Title: American homes and gardens
Year: 1905 (1900s)
Subjects: Architecture, Domestic Landscape gardening
Publisher: New York : Munn and Co
Contributing Library: Smithsonian Libraries
Digitizing Sponsor: Biodiversity Heritage Library
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eto fifty at night and sixty to seventy during the day. Whenthe temperature of the room will not be too much lowered,air should be given freely for a while every day, care beingtaken not to let any cold draft strike directly on to the seed-boxes. In many cases the air in the room may be freshenedby opening a door or window in an adjoining room. If the if placed where the sunlight strikes them directly, should plants are kept near a window, on very cold, windy nights, be kept shaded by a piece of newspaper laid on the glasscovering, but the minute they are up they should receive allthe light possible and be kept near the window. THE CRITICAL PERIOD OF GROWTH From the time the cotyledons or seed-leaves appear it may be advisable to move them further into the room, orto put a layer or two of newspapers, which are splendidnon-conductors of cold or heat, between the glass and theplants. While most of the seeds sown will do well, asmentioned above, in a temperature of forty-five to fifty at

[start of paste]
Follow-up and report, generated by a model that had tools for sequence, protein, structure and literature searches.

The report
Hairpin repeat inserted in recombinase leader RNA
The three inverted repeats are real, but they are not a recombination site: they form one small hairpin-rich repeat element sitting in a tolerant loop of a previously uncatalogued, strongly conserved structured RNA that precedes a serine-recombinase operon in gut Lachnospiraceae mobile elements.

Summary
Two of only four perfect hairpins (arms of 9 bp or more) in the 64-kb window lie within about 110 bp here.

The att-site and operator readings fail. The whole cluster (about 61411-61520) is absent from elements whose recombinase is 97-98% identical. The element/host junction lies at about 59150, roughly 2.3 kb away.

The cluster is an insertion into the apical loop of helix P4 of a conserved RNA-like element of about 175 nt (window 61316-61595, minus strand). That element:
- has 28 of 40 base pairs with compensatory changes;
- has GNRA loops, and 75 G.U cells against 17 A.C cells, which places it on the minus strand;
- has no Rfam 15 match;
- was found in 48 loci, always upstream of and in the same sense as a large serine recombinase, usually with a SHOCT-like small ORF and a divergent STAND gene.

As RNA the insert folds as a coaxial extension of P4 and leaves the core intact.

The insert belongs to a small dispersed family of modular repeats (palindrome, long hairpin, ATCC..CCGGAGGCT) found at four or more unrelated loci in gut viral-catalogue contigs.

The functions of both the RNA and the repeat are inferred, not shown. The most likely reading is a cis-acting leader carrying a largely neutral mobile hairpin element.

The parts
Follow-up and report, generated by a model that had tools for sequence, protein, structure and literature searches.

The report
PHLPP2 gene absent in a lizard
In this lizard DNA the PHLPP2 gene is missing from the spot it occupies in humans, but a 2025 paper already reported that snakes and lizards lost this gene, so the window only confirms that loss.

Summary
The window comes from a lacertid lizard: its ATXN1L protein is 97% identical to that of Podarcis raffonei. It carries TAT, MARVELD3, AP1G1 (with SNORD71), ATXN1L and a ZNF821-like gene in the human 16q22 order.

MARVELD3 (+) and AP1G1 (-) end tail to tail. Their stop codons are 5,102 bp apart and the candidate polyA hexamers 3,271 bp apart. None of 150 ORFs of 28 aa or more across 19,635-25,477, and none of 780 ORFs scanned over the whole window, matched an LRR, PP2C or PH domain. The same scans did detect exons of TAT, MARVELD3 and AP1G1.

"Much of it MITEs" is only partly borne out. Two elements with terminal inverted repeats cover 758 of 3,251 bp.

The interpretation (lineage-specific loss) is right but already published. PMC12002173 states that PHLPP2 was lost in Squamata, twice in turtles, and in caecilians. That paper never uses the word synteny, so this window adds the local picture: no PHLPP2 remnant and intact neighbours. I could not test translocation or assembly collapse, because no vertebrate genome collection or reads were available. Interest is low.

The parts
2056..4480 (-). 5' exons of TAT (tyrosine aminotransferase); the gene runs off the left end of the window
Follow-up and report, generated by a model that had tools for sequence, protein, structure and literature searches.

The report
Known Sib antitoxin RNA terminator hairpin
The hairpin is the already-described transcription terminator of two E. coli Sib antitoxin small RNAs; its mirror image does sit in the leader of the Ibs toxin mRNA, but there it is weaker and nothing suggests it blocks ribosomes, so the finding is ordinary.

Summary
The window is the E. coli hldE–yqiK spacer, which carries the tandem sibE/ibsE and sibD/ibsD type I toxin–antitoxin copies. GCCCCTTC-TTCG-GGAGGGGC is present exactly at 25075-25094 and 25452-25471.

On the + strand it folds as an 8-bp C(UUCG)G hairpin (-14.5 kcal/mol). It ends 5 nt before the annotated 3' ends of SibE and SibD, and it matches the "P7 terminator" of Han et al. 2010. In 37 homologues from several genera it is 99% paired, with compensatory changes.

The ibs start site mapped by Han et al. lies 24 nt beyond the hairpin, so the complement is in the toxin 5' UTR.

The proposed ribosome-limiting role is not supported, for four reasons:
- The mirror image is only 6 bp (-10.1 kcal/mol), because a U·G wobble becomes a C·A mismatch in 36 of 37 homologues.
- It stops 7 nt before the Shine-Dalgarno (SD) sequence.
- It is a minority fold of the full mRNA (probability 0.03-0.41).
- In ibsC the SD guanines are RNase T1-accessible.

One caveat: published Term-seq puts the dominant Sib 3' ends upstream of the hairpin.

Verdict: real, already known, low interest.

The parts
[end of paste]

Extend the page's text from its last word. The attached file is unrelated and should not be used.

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until the seedlings are big enough to transplant is the most night, there are several that require fifty-five to sixty, to come along as rapidly as they ought. These include toma-toes, peppers, and egg-plants; melons, cucumbers, corn, andlima beans (which are sometimes startedin paper pots or on small pieces of in-verted sod packed together in a flat andcovered with fine light soil), and suchheat-needing flowers as Begonias, Salv-ias, and Heliotrope. These, fortunatelyfor the grower of plants in the house,may all come along after the early veg-etables: for instance, if cabbage andlettuce seed is planted in February andtomatoes and peppers a month or solater, they will be sprouted about- thetime the former are transplanted, andcan then occupy the space thus madevacant; and by the time these are readyto transplant, and put outside, theearlier vegetables will have been setout in the garden, so there will again beroom for the newcomers. All this may seem a lot of trouble togo to; but, as
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Tagged: , bookid:americanhomesga101913newy , bookyear:1905 , bookdecade:1900 , bookcentury:1900 , booksubject:Architecture__Domestic , booksubject:Landscape_gardening , bookpublisher:New_York___Munn_and_Co , bookcontributor:Smithsonian_Libraries , booksponsor:Biodiversity_Heritage_Library , bookleafnumber:110 , bookcollection:biodiversity , BHL Collection , BHL Consortium